arise for it. He wa» to do nothing to commit
the United States in its future action. The tra
ditional policy cf the United States in this re
spect was to be strictly observed.
The naval officials say that the Nashville can
scarcely reach Taku before Friday or Saturday
next. Then the run up the shallow and rapid
Pei-Ho River to Tien-Tsin will consume an
other day. Meanwhile the Yorktown and the
Castine at Shanghai are rapidly being put in
shape for sea. They were undergoing some re
pairs, but this work doubtless will be hastened,
■0 that if the conditions become more grave at
Tien-Tsln one or both of the ships can reach
there from Shanghai even before the Nashville
The Chinese crisis continues to be an absorb
ing topic at the foreign embassies ar^l legations
in Washington, but the pruvall'.ji^^ntiment is
that it will be confined to mob outbreaks and
will not eventuate in a territorial dismember
ment involving the various Powers. It is
pointed out that up to this time the foreign
1> a era have ftated most positively that their
sole purpose was to restore order and protect
their citizens and property, and. while there
has been some suspicion of an ulterior motive on
the part of some of them, this has not taken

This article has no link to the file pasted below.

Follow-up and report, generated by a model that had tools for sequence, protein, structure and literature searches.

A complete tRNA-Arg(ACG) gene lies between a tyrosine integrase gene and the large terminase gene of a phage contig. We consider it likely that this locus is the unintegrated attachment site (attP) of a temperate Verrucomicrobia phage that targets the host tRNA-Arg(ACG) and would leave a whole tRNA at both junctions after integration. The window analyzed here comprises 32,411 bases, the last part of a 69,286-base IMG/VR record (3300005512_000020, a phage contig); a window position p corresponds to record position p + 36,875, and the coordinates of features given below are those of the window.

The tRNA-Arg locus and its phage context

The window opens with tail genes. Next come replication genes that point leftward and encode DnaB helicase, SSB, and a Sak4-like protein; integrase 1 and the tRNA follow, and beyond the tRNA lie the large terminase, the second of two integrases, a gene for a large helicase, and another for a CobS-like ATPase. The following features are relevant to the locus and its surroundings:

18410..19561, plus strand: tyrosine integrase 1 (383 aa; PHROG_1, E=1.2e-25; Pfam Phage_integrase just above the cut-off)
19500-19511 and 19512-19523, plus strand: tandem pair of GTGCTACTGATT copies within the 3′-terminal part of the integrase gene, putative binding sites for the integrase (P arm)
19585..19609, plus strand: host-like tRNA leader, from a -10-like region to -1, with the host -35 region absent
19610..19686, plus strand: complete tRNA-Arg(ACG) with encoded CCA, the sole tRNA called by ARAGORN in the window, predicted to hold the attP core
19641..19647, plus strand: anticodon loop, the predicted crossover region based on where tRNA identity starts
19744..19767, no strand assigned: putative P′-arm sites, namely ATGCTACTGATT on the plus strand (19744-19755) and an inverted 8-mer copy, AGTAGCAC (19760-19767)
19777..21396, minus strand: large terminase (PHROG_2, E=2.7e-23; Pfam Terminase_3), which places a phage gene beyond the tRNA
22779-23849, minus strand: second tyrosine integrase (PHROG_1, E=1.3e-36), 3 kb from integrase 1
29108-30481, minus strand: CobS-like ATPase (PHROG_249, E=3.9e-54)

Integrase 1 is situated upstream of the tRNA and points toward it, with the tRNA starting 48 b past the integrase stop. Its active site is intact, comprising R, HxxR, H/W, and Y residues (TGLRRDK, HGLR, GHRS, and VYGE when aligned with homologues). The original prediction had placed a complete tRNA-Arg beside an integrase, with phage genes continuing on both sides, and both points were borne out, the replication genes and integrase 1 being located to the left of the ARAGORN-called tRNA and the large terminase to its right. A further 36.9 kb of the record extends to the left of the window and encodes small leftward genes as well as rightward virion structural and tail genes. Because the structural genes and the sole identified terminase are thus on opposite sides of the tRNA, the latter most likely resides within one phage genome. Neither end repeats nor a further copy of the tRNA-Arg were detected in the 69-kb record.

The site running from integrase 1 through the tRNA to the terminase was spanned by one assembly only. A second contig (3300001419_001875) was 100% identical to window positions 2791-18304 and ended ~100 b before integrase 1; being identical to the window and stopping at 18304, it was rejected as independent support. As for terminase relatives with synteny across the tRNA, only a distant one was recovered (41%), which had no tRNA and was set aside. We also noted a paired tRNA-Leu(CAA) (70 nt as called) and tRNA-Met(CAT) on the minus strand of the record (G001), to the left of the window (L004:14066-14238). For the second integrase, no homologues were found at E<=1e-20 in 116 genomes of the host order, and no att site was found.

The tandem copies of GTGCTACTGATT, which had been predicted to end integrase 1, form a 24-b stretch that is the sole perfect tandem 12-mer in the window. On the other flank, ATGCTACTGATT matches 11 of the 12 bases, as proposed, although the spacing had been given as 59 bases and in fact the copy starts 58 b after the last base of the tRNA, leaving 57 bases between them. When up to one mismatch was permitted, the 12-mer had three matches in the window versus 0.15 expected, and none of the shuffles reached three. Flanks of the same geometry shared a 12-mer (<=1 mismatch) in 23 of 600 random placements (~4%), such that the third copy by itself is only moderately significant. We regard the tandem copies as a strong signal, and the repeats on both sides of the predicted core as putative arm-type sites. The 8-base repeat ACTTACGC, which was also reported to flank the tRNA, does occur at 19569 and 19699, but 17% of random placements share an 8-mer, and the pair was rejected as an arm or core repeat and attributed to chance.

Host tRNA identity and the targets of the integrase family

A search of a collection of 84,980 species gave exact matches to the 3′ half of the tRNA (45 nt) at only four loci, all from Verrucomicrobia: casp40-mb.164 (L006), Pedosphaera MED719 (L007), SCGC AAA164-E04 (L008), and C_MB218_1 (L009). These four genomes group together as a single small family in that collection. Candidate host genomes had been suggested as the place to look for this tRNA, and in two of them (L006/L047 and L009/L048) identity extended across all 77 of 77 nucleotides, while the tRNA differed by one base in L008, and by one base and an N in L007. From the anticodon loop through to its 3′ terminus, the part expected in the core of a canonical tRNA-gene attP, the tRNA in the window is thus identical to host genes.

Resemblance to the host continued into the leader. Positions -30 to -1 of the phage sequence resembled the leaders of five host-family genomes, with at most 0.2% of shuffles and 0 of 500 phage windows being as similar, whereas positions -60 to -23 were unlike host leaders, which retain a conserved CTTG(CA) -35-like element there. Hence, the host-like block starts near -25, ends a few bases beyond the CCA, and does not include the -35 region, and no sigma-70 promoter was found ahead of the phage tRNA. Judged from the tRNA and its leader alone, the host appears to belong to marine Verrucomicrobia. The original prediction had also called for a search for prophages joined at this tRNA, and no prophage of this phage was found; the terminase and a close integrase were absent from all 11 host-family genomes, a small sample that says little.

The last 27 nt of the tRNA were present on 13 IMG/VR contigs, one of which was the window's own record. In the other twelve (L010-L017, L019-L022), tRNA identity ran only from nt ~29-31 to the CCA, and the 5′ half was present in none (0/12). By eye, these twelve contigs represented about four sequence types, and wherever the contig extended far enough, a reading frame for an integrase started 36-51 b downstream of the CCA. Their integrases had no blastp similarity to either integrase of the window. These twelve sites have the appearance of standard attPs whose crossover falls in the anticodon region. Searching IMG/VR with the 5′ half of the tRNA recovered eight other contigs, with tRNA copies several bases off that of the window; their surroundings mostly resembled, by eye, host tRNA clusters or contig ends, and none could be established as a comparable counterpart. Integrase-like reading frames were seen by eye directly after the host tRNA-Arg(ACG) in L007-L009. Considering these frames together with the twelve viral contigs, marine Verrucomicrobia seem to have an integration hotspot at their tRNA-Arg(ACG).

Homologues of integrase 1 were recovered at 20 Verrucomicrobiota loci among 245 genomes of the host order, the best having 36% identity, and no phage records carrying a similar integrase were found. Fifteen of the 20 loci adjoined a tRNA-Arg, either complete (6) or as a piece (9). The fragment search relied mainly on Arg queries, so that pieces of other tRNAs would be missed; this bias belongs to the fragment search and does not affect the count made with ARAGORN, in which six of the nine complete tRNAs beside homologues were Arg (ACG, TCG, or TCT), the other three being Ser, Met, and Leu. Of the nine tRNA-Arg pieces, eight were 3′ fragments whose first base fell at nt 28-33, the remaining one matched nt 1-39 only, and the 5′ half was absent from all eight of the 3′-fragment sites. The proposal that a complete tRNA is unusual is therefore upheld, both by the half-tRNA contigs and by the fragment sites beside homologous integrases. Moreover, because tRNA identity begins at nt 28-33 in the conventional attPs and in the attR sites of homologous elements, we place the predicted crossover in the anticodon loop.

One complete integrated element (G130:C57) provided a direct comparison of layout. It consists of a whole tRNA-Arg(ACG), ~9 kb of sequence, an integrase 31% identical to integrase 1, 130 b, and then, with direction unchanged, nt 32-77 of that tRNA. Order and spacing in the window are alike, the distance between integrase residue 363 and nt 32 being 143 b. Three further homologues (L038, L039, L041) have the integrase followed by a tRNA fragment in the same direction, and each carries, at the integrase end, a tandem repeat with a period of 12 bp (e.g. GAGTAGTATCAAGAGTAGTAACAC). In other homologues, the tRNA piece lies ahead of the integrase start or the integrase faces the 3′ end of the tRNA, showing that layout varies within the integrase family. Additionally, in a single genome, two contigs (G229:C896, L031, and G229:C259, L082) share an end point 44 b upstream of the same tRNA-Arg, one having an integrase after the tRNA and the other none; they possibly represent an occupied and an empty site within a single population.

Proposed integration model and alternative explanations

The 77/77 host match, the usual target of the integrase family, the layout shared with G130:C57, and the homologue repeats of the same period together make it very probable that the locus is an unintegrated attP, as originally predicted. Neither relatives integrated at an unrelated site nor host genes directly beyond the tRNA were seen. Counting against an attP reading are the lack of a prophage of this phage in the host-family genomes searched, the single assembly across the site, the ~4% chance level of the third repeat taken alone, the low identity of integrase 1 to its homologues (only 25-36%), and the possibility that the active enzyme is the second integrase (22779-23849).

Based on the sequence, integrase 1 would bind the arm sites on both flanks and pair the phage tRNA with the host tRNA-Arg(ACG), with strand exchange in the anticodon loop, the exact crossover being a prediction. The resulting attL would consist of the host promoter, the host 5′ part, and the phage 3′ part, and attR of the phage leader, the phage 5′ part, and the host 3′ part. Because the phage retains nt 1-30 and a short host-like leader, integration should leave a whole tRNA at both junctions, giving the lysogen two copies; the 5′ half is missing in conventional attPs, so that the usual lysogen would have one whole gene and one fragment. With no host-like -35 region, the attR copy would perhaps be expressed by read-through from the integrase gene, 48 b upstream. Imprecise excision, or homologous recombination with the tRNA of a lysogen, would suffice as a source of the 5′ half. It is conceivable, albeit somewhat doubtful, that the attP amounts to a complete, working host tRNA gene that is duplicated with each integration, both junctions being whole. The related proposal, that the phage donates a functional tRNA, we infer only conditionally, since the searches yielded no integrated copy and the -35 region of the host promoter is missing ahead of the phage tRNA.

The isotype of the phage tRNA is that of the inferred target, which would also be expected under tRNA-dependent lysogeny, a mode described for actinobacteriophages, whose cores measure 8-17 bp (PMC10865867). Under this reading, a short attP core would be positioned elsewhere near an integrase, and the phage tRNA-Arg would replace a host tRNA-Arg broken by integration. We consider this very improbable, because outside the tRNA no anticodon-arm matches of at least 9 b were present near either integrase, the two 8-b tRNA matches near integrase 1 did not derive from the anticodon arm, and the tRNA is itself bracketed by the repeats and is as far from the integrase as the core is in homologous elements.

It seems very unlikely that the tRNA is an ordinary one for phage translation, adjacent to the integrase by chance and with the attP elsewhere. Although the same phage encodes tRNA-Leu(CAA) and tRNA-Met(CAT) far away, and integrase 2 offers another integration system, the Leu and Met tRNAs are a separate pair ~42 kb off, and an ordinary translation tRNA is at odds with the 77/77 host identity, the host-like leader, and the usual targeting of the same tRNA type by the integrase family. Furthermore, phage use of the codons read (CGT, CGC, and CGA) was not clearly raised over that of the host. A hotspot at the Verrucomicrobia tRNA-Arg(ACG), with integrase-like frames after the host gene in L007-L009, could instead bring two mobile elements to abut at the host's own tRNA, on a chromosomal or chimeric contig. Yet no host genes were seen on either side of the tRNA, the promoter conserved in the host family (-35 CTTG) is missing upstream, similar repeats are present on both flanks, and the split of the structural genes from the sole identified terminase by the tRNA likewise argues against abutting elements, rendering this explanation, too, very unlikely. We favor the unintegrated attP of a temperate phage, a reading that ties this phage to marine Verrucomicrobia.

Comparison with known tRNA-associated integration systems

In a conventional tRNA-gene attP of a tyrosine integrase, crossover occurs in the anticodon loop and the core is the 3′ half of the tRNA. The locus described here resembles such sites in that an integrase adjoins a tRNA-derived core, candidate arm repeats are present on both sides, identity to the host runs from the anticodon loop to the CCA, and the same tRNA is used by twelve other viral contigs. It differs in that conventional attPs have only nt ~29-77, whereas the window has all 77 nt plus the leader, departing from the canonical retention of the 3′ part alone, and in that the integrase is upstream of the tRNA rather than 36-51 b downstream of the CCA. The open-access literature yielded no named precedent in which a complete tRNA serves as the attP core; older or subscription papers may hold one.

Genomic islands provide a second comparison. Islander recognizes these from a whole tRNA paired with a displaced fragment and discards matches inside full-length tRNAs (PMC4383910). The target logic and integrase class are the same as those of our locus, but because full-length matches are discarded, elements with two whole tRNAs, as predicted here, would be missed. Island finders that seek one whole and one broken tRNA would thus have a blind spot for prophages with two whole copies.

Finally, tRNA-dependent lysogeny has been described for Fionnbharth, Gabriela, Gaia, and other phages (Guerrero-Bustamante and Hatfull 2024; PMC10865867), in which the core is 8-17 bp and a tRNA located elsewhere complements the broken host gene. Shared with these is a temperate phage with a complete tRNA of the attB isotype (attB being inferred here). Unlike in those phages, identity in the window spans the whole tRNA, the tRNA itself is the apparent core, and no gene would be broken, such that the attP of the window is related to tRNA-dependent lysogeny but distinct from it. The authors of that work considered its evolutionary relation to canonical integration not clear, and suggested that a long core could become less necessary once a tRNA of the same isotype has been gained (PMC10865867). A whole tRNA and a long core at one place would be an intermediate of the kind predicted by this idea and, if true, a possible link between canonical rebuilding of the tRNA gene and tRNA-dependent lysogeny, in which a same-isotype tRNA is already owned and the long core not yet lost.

form. On the contrary, all the efflcial declara
tions have disavowed anything more than a
I ,>Il( l!IUf-li oil m-^^liefl !•"««-.
No 3 of the New York Central's "Four-Track
Varies" A ffood thins to consult when arranging
for your summer outing. For a copy send a I ■••.:
stamp n 0 H. Daniels, Grand Central station.
New York.-Advt-
[PT telegraph to the tribcxe.]
Washington. June 11.— A few Senator? and
Representatives still linger in Washington, as
do a few other politicians of prominence, and
gossip about the Vice-Presidency is thus kept
alive. Some of the dinner table calk at Senator
Hanna's on Saturday night. where a number of
influential Republicans were present, has leaked
out. and the outside gossips are relating It with
variations and amplifications. One of the cur
rent reports is that on the occasion referred to
the chairman of the Republican National Com
mittee expressed himself strongly In favor Of